Powerful Shiite cleric quits Iraqi politics in shock move
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Firebrand Shiite cleric Moqtada al-Sadr, one of the most influential political and religious figures of post-Saddam Iraq, said Sunday he is quitting Iraqi politics in a shock announcement that comes just two months before legislative elections.
Sadr seemed to suggest the Sadrist movement he leads, a major layer in the Iraqi government, will also be ending its political activities.
"I announce my non-intervention in all political affairs and that there is no bloc that represents us from now on, nor any position inside or outside the government nor parliament," Sadr said in a written statement received by the AFP news agency.
Sadr's group currently holds six cabinet posts as well as 40 seats in the 325-member parliament.
He also said his movement's political offices will be closed, but that others related to social welfare, media and education will remain open.
The announcement appeared to take the cleric’s followers by surprise, with Sadrist officials unable to clarify if the decision to end the group’s involvement in politics was permanent or temporary.
One official from Sadr's office told AFP that no one wanted to discuss the issue "because it was a surprise decision".
"I do not think it will be reversed... because it is a very strong decision," the official added however.
Fierce critic of US
If confirmed as permanent, Sadr's announcement brings to a close a political career spanning more than a decade.
It began with his sharp criticism of the 2003 US-led invasion of Iraq, with his movement subsequently gaining seats in parliament, cabinet posts and playing the role of political kingmaker.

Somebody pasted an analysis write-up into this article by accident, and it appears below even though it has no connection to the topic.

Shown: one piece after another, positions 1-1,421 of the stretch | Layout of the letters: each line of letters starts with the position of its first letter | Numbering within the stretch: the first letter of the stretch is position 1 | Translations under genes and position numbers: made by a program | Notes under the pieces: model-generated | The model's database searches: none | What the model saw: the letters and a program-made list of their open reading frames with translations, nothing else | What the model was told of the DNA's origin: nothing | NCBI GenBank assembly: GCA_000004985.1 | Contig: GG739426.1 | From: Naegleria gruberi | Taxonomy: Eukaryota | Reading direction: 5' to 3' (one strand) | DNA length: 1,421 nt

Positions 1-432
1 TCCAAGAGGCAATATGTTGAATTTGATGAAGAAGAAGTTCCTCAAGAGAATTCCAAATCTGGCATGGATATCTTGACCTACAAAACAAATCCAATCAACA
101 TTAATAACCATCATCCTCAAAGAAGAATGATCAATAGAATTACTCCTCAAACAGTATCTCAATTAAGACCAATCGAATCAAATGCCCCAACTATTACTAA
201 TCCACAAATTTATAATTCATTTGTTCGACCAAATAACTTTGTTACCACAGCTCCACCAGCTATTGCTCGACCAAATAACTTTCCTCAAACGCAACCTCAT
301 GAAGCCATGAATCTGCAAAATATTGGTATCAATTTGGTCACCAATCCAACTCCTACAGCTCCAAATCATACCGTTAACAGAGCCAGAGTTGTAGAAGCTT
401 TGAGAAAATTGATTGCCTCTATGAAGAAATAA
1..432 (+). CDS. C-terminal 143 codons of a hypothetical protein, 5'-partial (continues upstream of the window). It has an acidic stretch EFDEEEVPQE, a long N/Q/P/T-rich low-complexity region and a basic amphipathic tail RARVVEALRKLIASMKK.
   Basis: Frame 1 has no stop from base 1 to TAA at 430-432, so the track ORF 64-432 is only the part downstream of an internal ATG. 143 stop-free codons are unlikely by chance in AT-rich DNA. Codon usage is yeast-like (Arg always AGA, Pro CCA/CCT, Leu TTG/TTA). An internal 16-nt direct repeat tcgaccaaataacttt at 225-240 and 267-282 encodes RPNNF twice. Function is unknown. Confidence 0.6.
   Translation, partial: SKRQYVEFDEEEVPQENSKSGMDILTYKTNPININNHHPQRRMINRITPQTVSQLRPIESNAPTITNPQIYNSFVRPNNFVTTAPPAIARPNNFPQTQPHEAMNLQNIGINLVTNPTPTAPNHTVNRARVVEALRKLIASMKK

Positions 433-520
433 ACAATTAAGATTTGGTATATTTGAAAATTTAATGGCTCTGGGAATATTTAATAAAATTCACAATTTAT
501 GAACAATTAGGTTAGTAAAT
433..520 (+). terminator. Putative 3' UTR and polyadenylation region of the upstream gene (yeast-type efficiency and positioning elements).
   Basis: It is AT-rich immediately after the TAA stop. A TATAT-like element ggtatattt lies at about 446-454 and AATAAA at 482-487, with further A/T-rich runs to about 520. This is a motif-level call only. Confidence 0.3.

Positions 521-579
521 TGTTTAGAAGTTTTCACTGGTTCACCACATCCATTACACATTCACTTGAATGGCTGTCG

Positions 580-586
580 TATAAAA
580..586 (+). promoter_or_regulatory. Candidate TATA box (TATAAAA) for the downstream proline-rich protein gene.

Sadr's widely-feared Mahdi Army militia also repeatedly fought American forces, and played a major role in the brutal sectarian conflict between Iraqi Sunnis and Shiites in which tens of thousands of people died.
Sadr suspended the militia's activities in 2008 following major battles with Iraqi and US security forces.
Sadr said the decision to leave politics was taken from the standpoint of Islamic law and of "preserving the honourable reputation of Sadr, especially of the two Sadr martyrs," referring to his father and another relative who were killed during Saddam Hussein's rule.
The move also aims to "end all the corruptions that occurred or which are likely to occur" that would harm the Sadr reputation, he said.
Iraq has seen a surge in violence in recent months as the country prepares for its first national elections since the 2011 US military withdrawal, due to take place on April 30th.
Earlier this month, electoral candidate and Sadr supporter Hamza al-Shammari was shot dead in an attack by gunmen in the capital Baghdad.
Candidates have been targeted by insurgents in the past, with nearly 20 hopefuls killed ahead of April 2013 provincial council elections.
(FRANCE 24 with AFP)